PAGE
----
Information and opinions presented here do not always represent the views of the American Heart Association.

All posts tagged Brigham and Women’s Hospital

Salt Shaker

Too much sodium in the diet could make multiple sclerosis worse

Eating too much sodium could make multiple sclerosis symptoms worse and increase the risk of further damage, according to a small study published in the Journal of Neurology Neurosurgery & Psychiatry. “This is an intriguing, preliminary observation that suggests a high …

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Blood Pressure Check

Blacks, women face greater burden from CVD risk factors

The impact of major cardiovascular risk factors combined is greater in women than men and in blacks than whites. While the gender gap may be narrowing, differences by

GWTG stock

More than 5 million treated through Get With The Guidelines

More than 5 million people have received heart and stroke care based on the latest research-based treatment guidelines, thanks to an American Heart Association/American Stroke Association program that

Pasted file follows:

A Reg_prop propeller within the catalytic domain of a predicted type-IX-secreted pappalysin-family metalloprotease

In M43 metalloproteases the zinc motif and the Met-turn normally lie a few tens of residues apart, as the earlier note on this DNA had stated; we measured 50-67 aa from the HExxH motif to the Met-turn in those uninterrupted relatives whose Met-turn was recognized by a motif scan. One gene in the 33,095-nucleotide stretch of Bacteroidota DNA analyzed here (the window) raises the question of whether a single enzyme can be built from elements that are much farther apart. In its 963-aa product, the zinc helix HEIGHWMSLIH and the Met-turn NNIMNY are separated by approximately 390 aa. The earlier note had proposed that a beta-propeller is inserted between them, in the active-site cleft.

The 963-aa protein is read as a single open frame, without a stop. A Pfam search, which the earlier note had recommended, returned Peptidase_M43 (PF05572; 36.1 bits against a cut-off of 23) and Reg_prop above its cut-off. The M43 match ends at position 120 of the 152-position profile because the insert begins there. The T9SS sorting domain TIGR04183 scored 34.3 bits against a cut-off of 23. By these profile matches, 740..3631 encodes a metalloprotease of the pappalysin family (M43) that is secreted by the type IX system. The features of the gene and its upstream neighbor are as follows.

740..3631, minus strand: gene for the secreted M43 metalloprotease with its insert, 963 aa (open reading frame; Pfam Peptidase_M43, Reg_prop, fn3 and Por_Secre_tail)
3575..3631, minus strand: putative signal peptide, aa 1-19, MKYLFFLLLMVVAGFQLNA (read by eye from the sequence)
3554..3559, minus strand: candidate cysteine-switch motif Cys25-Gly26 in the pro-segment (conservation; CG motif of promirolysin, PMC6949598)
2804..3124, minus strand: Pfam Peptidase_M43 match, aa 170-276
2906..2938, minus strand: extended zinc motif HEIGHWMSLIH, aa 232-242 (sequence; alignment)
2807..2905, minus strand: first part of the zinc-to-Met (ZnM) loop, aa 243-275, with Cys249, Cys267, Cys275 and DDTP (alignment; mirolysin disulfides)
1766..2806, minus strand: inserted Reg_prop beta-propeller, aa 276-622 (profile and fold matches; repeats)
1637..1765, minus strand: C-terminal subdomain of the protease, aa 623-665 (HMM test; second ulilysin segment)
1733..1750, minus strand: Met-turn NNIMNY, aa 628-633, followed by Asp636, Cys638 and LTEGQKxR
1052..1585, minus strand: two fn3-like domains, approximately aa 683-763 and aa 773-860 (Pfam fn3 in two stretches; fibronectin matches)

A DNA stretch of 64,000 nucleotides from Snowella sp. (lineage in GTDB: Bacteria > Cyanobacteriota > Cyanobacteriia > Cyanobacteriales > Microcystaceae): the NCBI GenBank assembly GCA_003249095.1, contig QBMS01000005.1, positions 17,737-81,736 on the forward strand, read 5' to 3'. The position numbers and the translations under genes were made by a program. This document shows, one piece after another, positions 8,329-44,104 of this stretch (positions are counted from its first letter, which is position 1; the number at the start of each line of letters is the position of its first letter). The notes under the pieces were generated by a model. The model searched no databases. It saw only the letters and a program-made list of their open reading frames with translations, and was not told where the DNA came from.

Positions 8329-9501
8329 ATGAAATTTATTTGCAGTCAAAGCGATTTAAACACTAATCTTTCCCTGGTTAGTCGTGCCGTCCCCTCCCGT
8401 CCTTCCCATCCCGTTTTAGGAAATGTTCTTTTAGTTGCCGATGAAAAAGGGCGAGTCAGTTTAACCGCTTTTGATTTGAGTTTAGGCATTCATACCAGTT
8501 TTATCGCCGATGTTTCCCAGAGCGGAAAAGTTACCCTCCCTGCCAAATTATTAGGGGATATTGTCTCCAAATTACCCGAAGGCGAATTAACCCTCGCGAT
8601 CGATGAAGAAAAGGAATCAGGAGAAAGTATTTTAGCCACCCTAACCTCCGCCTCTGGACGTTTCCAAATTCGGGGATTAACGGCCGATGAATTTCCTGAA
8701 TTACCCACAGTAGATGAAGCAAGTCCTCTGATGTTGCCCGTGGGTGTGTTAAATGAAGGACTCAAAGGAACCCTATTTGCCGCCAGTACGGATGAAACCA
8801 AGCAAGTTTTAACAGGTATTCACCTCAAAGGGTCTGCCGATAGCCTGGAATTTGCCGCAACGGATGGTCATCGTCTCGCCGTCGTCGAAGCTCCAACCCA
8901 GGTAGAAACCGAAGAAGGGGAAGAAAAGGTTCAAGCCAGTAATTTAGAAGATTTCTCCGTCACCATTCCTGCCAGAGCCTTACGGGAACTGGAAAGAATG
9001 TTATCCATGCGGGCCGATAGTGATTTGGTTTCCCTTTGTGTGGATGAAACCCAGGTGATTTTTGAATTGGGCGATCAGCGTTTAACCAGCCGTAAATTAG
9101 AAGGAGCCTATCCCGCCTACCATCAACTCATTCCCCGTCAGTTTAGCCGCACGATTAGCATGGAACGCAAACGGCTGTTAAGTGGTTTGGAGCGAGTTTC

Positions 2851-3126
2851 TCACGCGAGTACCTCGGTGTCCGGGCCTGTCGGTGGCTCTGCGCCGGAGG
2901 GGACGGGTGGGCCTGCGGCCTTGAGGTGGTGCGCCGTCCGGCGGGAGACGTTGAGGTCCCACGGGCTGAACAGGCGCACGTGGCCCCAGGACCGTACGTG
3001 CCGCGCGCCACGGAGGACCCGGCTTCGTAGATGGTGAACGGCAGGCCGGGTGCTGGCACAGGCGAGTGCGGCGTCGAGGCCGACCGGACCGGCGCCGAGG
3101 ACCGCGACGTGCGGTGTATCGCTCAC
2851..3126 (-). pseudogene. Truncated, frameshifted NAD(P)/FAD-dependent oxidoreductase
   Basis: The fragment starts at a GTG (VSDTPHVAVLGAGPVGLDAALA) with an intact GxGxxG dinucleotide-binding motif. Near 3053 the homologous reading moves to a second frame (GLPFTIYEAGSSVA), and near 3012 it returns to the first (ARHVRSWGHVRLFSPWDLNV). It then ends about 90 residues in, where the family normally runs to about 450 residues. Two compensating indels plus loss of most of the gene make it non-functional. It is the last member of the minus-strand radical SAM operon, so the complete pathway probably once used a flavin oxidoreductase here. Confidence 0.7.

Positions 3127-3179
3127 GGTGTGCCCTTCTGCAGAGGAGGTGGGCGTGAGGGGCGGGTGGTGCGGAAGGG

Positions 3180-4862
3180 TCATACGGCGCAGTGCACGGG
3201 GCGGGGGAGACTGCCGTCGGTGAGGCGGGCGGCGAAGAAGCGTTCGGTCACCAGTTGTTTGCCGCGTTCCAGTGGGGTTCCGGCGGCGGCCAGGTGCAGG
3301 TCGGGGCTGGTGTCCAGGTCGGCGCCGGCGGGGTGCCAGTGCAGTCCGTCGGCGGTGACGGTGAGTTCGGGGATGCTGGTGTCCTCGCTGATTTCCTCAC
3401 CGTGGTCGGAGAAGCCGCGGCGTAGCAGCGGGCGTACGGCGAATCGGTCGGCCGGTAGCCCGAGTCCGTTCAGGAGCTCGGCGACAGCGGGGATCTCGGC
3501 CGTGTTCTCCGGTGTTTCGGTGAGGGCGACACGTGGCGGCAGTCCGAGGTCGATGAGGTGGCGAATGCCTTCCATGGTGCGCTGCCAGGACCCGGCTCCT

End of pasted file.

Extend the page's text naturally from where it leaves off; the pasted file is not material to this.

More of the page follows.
poverty

PAD risk increases with lower economic status

Low income and lower education levels are associated with an increased risk for peripheral artery disease in U.S. adults, according to a new study in Circulation: Cardiovascular Quality

Elliott Antman, M.D.

Early discovery led Antman to cardiology research, AHA; now he’s the organization’s president

In his third year of medical school, Elliott Antman thought he would become a neurosurgeon. He wasn’t set on it, though, and kept searching for something that might

nutrition-panel

Government to issue guidelines for lowering sodium in foods

Food manufacturers and restaurants -- suppliers of three-fourths of the sodium in Americans’ diets -- may soon be asked by the government to lower sodium in their foods. The

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New Health eHeart Study actively recruits participants

The Health eHeart Study, an internet-based clinical research study from the University of California, San Francisco, is actively recruiting participants interested in helping investigators better understand cardiovascular disease. The